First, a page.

Bacillus 1973-1974 / MiG Music 2022
The Eastern Bloc’s greatest progressive rock export extrapolate their past successes on home turf to set up international future.
With one of their songs covered by many international acts, including SCORPIONS, and their opening act during 1968 concerts in the UK said to be THE NICE, this ensemble managed to place Hungary on the musical map in the class of rock almost in the same measure Liszt and Bartók had done in the classical category, and still the West remains mainly unaware of OMEGA’s artistic status. On the one hand, the band weren’t allowed to sing in English in their homeland; on the other, the records they released in foreign markets lacked the punch the pieces in their native tongue possessed. Despite such obstacles, the Budapest bunch build a solid fanbase abroad, and 2022 – the year marking the group’s 60th anniversary, and their first year after the untimely demise of three members of the decades-long line-up – sees the launch of the combo’s extensive reissue programme, started off with two discs that would define the Magyars’ style.
What they play here could have been typical for British ivories-driven collectives of the early ’70s, yet it’s difficult to deny the pop appeal of “Everytime She Steps In” which opens 1973’s self-titled LP and reappear, in slightly shortened form, on its follow-up “III” from 1974 whose other tracks – lighter on the infectious jangle and handclaps – seem to sound less innocent in their riff-laden slant. There should be no surprise, though, as the former platter comprised numbers from the band’s two previous albums, with newly updated lyrics and Dieter Dierks engineering, and the latter contained fresh cuts, but the madrigal-like voices and orchestral sway behind the romantic “After A Hard Year” or neurotic psychedelia of the hard-hitting “Delicate Sweep” – where László Benkő’s organ and György Molnár’s guitar vie for aural dominance to balance János Kóbor’s impressive voice – are as alluring as the funereal, folksy “Remembering” that aims for electric skies, or the gentle “I Go Away” that will melt even a cynic’s heart.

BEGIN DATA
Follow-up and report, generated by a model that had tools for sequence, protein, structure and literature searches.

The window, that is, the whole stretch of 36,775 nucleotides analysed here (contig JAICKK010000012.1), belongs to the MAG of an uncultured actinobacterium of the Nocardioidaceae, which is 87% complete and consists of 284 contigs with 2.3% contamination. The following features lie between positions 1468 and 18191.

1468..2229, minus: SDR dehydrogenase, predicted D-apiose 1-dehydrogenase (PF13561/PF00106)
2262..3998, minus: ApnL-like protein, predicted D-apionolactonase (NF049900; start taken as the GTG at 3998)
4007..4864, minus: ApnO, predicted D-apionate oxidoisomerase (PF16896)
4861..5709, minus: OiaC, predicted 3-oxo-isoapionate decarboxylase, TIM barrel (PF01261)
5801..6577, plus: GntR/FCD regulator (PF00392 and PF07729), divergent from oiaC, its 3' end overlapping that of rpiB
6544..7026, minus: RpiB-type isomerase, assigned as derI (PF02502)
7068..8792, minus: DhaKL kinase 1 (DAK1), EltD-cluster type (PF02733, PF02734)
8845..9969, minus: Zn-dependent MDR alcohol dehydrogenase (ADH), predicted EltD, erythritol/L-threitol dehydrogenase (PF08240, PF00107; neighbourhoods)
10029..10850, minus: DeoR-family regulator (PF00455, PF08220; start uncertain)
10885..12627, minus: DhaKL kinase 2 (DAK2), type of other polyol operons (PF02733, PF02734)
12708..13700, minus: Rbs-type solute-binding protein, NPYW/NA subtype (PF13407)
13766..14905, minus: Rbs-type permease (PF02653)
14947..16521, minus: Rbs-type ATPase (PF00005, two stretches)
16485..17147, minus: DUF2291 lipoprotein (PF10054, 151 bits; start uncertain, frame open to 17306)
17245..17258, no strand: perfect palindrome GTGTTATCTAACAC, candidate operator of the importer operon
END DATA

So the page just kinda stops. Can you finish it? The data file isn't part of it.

And if a Bach-inspired motif of “Parting Song” should betray a PROCOL HARUM influence while the vigorous funky figures and vocal harmonies of “The Bird” must indicate a URIAH HEEP impact on the quintet, the delightfully slick assault of “Stormy Fire” – propelled by Tamás Mihály’s bass and Ferenc Debreceni’s drums and spiced by cosmic synthesizer – and the anthemic uplift of “Spanish Guitar” are entirely the ensemble’s own. However, if “The Lying Girl” and “Live As Long As” go for a piano-directed boogie and fuzzy roll, which don’t pretend to be sophisticated, and the 8-minute “White Magic Stone” harks back to already-outdated, albeit attractive, proto-prog tropes, “Just A Bloom” unfolds into a series of elegantly restrained wigouts, whereas “Omegautó” eagerly embraces the glam template of the day and gets away with it.
Here’s a great beginning of the band’s reissue plan – and a great testament to the talents of Benkő and Mihály, who passed away, three days apart, in 2020, and Kóbor, who died one year later.